Thursday, September 13, 2007

Review: Sly and the Family Stone - Greatest Hits

Label: Epic/Legacy

Released: 1970 (reissued August 28, 2007)

Released in 1970 to fill the gap between Stand! and There's a Riot Goin' On, Sly and the Family Stone's Greatest Hits compiles many of the top tracks from the band's early years. While every song on this album is also contained on the later Anthology release along with selections from their later catalog, this is in most ways a superior album.

In the interim between albums, Sly and company's early optimism began to fade alongside the idealism of the 60s and into Sly Stone's increasing drug problems. Because Anthology fails to mark that change, it feels haphazard, like a mere collection of random songs. Greatest Hits on the other hand shares the common themes of joy and optimism that characterize both the albums that these songs are drawn from as well as the times in which they were made. The only inexplicable omission is "Don't Call Me Nigger, Whitey" from Stand!, an album which contributes several other songs. I suspect that this was just a matter of playing it safe and avoiding controversy on an album that by design would appeal to less hardcore Sly Stone fans. It's a shame, because the song, like several others which use that very emotional word, is incendiary, but fighting the good fight, not perpetuating stereotypes. Oh yeah, it's amazingly powerful too. Its absence doesn't hurt this album, so much as knowing the song just makes me wish it had been included.

While it doesn't take into account the second part of Sly and the Family Stone's career, which produced great music in its own right, and it backs down from righteous controversy by omitting a great tune, Greatest Hits is an amazingly cohesive collection of songs from the first few years that the band graced us with their music. The only real argument against owning this is that you should already have the records from which this was culled. There isn't much of a step down from the singles to the album cuts and that's even more amazing still.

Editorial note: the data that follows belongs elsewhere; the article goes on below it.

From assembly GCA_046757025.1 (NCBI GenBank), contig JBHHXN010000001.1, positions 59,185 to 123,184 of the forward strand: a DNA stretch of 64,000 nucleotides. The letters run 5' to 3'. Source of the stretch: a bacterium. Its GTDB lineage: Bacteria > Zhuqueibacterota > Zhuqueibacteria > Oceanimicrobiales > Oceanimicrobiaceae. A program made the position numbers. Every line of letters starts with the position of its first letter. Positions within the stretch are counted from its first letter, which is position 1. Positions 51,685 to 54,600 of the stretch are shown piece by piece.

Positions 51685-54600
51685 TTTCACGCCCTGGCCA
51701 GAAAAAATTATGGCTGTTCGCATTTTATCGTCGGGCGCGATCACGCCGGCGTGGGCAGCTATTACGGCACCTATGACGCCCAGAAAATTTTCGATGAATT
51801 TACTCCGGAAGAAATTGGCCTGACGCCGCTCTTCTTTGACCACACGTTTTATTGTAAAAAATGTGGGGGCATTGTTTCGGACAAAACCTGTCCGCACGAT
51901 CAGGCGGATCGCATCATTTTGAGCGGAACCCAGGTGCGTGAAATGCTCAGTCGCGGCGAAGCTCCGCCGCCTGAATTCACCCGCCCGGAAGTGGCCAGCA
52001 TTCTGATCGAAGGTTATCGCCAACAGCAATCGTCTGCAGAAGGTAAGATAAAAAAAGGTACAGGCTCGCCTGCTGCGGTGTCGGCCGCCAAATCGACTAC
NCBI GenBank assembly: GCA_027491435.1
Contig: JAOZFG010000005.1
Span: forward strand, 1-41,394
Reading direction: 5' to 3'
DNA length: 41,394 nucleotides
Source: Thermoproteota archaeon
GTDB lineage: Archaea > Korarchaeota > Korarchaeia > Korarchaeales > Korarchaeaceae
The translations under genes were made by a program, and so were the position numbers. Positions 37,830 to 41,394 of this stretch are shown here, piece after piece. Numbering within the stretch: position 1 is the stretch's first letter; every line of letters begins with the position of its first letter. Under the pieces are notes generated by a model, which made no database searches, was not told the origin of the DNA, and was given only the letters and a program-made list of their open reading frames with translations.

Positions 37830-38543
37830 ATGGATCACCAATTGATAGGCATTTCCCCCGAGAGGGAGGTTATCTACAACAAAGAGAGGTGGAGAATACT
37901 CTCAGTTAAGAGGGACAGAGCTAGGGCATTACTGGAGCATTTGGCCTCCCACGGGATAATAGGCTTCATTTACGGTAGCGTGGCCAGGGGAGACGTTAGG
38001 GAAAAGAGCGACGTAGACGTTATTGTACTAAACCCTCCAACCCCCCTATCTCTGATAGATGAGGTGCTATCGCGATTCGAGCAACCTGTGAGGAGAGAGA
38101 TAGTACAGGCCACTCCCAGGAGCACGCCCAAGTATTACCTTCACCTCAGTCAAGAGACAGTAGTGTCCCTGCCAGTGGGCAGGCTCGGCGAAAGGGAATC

Rating: 9/10


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Blogger taotechuck said...

I wonder if, in retrospect, the producers of this album would have included "Don't Call Me Nigger, Whitey." It could be argued (correctly or not) that the song is the pivot point between two different periods for the band. Of course, at the time, nobody would have known that, so the song could easily have been omitted as an anomoly.

9:52 AM  
Blogger taotechuck said...

I also wonder whether this song didn't have much of an impact at first, particularly since it was (I assume) an album track and not a single, but was discovered and appreciated over time. Like a fine wine.

Don't call me Noir, Blanc.

9:55 AM  
Blogger bob_vinyl said...

Chuck - Both good points. I think you may be right about it being the pivot point in their cazreer. It's still positive, but more aggressive than the earlier stuff.

11:14 AM  
Blogger Ray Van Horn, Jr. said...

It probably had a sock 'em effect back then, but only a little, because that was the pre-PC era of America

2:02 PM  

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